Thursday, August 04, 2005

Idealists Without Illusions

This time the action centered in North America. The enormous productive capacity created there for World War II, untouched by the war's violence, promised an era of expansion and affluence, especially in view of new technologies, some developed before and after the war and many spawned by the war. Like the 1890s in England, the postwar U.S. needed more educated technicians and managers, research scientists and experts in newly emerging fields. Ex-soldiers went to college at government expense, and the Baby Boom meant education would continue to expand.

In this period of rapid change and growing affluence, a strain of idealism tempered by hard experience created what was dubbed "the New Breed" within what is now sentimentally called "The Greatest Generation." This was the generation of World War II veterans like Gene Roddenberry and many others who would contribute to creating Star Trek. But in the early 1960s, it was most clearly identified as the generation of President John F. Kennedy, who described himself as an "idealist without illusions."

With his theme of the New Frontier, his visionary views on the space program, Civil Rights and world peace, and his accent on youth, Kennedy was clearly oriented towards the future. (There's more concerning Kennedy and connections to Roddenberry and the early 60s development of Star Trek elsewhere on this blog, at "the Star Trek 60s Pt. 1.")

At the same time, there was an explosion of studies, books and articles by physical and social scientists in many fields, as well as the first scholars and freelance intellects (like Arthur C. Clarke) who specialized in the future. Though they often came at the subject from a particular discipline, they typically were trying to synthesize a big picture view of the future, as Wells had advised. Partly because they had an advocate in the White House and felt that the future was an idea whose time had come, they were mostly optimistic.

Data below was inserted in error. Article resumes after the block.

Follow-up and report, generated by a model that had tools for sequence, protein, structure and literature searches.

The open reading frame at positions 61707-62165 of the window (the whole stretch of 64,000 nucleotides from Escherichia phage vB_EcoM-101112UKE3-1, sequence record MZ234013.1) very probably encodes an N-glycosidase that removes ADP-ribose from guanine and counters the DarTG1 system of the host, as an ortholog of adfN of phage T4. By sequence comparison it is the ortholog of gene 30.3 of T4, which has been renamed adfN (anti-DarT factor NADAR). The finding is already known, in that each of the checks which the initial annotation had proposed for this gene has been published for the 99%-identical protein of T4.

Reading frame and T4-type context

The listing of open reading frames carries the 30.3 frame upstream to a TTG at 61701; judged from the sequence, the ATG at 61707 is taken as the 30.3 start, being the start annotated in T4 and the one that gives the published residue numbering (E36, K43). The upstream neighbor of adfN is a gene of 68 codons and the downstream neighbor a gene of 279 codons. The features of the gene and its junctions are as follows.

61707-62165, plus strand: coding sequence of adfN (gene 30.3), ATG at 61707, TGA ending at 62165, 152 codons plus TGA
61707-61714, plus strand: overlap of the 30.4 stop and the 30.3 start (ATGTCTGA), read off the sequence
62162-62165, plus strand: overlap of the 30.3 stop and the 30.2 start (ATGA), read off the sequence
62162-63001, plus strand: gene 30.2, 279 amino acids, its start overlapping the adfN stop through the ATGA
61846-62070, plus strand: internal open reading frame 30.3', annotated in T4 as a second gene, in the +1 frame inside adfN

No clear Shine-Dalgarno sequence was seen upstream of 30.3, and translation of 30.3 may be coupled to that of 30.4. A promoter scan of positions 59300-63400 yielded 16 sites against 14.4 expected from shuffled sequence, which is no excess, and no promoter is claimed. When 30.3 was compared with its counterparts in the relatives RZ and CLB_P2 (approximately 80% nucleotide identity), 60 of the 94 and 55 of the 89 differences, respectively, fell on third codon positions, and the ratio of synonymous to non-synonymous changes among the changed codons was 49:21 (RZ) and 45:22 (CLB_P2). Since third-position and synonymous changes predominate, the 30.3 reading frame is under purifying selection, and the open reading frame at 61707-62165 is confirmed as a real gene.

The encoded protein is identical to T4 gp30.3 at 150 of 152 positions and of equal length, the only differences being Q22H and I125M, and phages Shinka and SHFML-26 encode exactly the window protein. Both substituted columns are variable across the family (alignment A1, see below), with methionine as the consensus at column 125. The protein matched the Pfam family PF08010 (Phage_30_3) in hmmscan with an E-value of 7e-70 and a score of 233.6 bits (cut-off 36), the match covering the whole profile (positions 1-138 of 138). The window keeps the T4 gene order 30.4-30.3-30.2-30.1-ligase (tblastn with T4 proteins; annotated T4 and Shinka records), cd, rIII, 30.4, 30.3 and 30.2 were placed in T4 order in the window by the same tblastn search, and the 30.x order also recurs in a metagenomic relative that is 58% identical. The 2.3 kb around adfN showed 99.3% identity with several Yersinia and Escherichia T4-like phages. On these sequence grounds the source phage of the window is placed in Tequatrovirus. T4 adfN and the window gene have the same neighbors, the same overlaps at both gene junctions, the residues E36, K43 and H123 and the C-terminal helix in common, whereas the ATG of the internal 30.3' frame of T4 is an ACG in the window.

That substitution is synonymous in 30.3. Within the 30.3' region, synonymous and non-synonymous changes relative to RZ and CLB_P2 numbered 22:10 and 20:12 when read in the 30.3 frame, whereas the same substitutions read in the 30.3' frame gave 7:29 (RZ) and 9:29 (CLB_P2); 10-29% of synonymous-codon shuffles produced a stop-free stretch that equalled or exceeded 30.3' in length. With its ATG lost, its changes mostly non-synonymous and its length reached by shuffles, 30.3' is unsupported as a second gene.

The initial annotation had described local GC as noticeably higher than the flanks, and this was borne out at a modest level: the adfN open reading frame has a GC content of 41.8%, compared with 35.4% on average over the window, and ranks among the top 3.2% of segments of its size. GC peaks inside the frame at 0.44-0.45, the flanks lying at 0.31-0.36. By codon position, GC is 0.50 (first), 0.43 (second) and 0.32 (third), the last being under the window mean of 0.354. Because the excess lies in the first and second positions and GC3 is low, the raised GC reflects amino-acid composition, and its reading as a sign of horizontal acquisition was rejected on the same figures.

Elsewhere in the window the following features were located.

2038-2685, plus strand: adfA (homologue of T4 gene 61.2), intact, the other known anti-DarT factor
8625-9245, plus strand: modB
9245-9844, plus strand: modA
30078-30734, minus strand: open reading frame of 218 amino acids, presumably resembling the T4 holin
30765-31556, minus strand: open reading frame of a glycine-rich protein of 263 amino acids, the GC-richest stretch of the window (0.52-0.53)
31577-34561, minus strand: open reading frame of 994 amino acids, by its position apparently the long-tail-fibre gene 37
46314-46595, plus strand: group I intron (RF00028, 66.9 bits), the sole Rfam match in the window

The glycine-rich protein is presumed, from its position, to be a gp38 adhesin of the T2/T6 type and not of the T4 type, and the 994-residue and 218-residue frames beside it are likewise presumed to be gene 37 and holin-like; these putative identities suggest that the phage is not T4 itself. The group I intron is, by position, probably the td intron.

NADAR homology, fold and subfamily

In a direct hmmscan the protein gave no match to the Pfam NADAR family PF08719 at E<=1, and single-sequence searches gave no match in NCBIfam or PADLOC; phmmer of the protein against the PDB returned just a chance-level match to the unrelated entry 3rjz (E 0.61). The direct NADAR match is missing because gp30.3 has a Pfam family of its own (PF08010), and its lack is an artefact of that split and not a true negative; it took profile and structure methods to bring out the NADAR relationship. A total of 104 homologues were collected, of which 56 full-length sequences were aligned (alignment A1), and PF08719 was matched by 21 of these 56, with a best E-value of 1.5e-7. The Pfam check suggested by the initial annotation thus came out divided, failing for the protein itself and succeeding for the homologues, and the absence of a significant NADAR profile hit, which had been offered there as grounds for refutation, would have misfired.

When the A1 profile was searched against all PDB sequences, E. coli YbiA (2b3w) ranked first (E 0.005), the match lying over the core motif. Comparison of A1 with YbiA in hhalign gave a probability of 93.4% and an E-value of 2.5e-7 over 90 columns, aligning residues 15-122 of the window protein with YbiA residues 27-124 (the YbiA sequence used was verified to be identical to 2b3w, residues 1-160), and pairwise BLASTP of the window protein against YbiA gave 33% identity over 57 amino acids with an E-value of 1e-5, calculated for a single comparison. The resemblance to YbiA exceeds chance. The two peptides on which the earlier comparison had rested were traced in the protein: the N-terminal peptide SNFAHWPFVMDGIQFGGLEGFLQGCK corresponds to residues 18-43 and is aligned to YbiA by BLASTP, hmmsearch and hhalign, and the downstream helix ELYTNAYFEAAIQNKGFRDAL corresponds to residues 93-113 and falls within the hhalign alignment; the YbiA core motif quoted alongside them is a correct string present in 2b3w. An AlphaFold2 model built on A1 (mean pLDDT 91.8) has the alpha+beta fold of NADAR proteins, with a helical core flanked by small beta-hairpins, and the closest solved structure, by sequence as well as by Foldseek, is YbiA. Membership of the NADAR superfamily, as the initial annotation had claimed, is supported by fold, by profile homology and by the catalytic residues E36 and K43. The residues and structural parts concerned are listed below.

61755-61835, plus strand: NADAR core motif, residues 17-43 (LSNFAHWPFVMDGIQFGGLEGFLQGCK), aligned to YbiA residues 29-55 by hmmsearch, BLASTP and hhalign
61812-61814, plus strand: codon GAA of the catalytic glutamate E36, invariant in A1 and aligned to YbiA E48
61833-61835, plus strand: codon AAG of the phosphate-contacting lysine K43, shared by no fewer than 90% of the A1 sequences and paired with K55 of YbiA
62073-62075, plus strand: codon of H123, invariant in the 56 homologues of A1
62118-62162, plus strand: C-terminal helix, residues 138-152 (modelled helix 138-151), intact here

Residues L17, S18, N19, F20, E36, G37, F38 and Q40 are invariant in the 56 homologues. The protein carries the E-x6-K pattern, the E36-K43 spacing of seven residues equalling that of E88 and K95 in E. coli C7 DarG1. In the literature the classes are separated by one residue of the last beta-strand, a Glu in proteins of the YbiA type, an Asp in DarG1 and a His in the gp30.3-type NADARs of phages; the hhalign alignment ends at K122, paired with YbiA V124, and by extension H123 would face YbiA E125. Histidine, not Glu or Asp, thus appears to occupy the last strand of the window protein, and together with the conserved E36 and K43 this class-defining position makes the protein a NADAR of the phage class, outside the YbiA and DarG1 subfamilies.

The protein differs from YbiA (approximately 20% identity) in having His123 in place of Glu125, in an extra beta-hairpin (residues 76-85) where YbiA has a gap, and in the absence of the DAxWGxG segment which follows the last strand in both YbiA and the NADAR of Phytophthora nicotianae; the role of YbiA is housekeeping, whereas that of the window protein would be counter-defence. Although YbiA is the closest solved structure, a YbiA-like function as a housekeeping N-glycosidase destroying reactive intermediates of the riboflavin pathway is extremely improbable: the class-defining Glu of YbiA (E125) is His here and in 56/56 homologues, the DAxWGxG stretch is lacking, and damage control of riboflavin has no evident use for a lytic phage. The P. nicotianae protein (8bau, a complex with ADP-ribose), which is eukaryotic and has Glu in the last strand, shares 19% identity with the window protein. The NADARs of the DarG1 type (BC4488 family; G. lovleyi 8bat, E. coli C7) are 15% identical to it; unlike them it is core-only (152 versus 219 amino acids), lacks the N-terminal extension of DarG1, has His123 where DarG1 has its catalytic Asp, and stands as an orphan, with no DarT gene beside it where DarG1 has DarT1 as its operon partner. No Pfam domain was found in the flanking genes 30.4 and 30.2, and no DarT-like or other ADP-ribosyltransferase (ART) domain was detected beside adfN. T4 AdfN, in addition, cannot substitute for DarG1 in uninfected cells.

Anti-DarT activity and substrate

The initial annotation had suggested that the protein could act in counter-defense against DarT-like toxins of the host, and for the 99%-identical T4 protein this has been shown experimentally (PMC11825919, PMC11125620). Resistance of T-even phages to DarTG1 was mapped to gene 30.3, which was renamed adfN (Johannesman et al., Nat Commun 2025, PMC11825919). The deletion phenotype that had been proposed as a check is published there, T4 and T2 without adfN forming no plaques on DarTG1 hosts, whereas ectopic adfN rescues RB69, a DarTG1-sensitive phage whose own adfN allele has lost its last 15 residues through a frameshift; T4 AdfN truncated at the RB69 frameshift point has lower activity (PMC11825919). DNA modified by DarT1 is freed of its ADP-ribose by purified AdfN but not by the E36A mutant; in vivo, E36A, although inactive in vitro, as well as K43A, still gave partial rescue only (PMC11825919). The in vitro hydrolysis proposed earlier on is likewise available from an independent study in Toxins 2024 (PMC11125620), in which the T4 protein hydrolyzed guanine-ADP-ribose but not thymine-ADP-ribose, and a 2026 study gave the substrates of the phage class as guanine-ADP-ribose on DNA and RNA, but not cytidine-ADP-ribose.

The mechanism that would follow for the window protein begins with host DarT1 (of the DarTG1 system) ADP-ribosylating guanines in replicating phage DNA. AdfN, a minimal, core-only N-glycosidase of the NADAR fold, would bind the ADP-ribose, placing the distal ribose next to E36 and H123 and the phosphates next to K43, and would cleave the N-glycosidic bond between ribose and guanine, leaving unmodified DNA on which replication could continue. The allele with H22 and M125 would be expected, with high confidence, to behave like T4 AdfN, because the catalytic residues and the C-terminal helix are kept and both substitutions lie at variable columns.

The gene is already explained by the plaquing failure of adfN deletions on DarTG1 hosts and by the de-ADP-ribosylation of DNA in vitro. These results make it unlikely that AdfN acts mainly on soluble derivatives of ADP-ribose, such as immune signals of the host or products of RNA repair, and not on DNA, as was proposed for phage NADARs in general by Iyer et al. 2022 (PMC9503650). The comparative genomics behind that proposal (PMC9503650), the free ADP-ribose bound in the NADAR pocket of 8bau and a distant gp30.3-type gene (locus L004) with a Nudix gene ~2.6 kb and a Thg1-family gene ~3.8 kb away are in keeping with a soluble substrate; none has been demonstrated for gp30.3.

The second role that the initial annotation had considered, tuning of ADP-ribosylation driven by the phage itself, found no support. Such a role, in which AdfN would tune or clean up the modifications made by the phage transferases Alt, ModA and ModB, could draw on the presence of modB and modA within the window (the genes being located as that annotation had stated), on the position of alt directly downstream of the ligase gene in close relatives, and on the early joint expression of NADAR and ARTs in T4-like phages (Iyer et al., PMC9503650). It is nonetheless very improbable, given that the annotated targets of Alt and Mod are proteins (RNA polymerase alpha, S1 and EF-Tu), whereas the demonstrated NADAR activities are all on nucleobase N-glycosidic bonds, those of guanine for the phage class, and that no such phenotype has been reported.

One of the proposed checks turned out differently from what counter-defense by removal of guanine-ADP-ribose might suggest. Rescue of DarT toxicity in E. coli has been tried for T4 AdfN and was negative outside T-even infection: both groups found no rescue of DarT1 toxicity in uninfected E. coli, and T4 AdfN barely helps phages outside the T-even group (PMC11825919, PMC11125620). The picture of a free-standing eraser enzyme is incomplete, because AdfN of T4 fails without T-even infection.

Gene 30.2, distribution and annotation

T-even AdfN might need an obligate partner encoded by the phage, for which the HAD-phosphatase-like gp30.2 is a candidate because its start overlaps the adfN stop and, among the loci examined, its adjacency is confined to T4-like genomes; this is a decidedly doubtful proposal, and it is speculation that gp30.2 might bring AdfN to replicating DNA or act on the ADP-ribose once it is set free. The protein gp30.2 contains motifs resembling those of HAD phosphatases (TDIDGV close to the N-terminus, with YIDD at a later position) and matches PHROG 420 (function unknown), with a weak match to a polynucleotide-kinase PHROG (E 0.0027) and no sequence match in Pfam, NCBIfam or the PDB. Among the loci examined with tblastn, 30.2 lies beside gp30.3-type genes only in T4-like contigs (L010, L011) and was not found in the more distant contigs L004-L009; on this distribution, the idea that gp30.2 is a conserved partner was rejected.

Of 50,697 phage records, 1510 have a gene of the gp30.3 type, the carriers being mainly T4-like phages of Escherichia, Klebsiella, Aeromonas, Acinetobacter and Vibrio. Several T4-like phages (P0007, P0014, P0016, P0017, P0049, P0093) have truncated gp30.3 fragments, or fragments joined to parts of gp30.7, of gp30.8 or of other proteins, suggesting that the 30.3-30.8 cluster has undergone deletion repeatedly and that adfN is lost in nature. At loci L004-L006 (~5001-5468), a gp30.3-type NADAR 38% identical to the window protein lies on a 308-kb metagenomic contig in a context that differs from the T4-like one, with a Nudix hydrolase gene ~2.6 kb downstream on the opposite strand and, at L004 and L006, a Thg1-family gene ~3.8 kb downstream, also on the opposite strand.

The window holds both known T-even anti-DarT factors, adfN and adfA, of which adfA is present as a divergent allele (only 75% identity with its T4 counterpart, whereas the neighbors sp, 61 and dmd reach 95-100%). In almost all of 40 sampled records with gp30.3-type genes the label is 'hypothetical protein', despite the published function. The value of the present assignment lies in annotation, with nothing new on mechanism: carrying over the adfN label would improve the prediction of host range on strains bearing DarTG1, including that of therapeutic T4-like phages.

In his 1969 book, The Search for a Usable Future, Martin E. Marty put it this way: "Knowing that audacity was called for and inspired by the confidence that man was prevailing, they pictured a realm of possibility to which our culture was tending. The technological and humane orders were converging to create a world wherein conflict may remain but in which it would be productive of good. There men would learn to embrace the works of their hands, to affirm the human city. The fundamental human model for this was the cool, worldly, problem-solving, practical man. Man in control. He was now orbiting the world, probing the depths of the sea. Aided by all the disciplines, he could foresee problems and program his way through or past them. This was to be a society of affluence, abundance, leisure, and meaningful human relations."

Even with the obvious hubris, it's not hard to see a lot of Star Trek in that description.

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